a copper fungicide to
cherry, peach, apricot and nectarine trees as leaves begin to
fall. Spray to cover all branches to control blights and canker
the first killing frost, mound soil 6 to 8 inches high around
the base of rose
bushes and prune back the canes enough to keep them from
whipping around in the wind.
composting is not in your plans for this year, there are other
ways to use fallen leaves:
- In the fall, collect leaves in bins or large piles.
In spring, dig into the pile to get the matted clumps of
partially decomposed leaves and use as mulch.
- Fill the paths between raised beds now, for fewer weeds
next spring. Till leaves into the soil in fall to break down
- Fill bags with leaves and use as insulation around
cold frames. Use as a winter mulch on bare ground to reduce
many herbs are perennials and can overwinter outdoors with light
mulching, you can dig up whole plants or sections of herbs, pot
them and bring them indoors to a sunny location for use all winter.
after slugs this month. New eggs will still hatch in cool fall
weather. Clean up hiding places such as boards, weed piles, stacked
pots and flats. Hand-pick and kill slugs, or trap with containers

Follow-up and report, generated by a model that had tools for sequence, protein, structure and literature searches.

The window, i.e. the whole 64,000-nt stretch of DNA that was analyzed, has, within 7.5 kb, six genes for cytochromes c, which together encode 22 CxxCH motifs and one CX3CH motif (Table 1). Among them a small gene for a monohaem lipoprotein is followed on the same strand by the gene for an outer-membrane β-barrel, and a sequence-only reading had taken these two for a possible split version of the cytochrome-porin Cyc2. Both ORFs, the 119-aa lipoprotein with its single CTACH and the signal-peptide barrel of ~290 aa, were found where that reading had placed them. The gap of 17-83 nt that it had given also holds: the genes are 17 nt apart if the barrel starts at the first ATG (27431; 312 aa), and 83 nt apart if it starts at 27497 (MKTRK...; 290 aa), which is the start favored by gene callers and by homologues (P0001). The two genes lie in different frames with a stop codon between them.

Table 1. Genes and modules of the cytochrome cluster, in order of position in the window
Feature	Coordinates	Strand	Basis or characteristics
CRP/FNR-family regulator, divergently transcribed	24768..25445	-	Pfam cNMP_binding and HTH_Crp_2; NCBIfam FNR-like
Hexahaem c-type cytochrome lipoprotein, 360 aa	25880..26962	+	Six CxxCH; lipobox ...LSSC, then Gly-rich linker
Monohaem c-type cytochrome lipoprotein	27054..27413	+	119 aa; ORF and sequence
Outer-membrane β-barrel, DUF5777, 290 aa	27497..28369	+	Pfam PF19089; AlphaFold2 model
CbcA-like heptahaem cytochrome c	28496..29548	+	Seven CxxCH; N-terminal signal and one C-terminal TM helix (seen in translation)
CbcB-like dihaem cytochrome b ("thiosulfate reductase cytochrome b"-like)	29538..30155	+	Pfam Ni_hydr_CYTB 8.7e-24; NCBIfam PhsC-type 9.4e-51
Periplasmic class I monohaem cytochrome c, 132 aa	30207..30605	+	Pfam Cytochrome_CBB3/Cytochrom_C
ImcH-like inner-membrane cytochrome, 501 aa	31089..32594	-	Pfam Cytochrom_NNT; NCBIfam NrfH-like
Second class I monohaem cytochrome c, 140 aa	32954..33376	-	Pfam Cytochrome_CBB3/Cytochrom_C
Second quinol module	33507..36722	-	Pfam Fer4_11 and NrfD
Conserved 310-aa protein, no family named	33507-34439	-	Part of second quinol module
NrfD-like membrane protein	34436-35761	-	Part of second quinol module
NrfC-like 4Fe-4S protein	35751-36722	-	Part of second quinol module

of beer sunk into the ground.
last mowing of the season can be a little shorter than normal
to help prevent snow mold in spring. Apply
lawn fertilizer formulated for fall in late October or early
to be undisturbed for many years but if you have a clump that
is getting out of hand or needs to be moved, the early part
of this month is the time to do it. Lift the plant carefully
and cut into sections that have four or five eyes each. Replant,
keeping eyes up and very close to the soil surface. Water well
several times before the ground freezes.
turn the sprinklers off! Evergreens, including rhododendrons
and Oregon grape should go
into winter with plenty of water in their root systems. This
helps prevent burned needles and scorched leaves from winter
dryness. A few long, slow waterings are ideal before the ground
ripe apples, remembering that the ones on the south sides of
trees ripen first. Apples are ripe when they taste good, when
the background color changes from bright green to softer green
or yellow, when the seeds are brown, and/or when they can be
picked easily from the tree with an upward, twisting pull. Store
apples at 40° F or as close as possible. They store best
in shallow boxes, not deep barrels or boxes.
begin to go dormant in the fall, so eliminate fertilizer until spring.
Reduce water as well.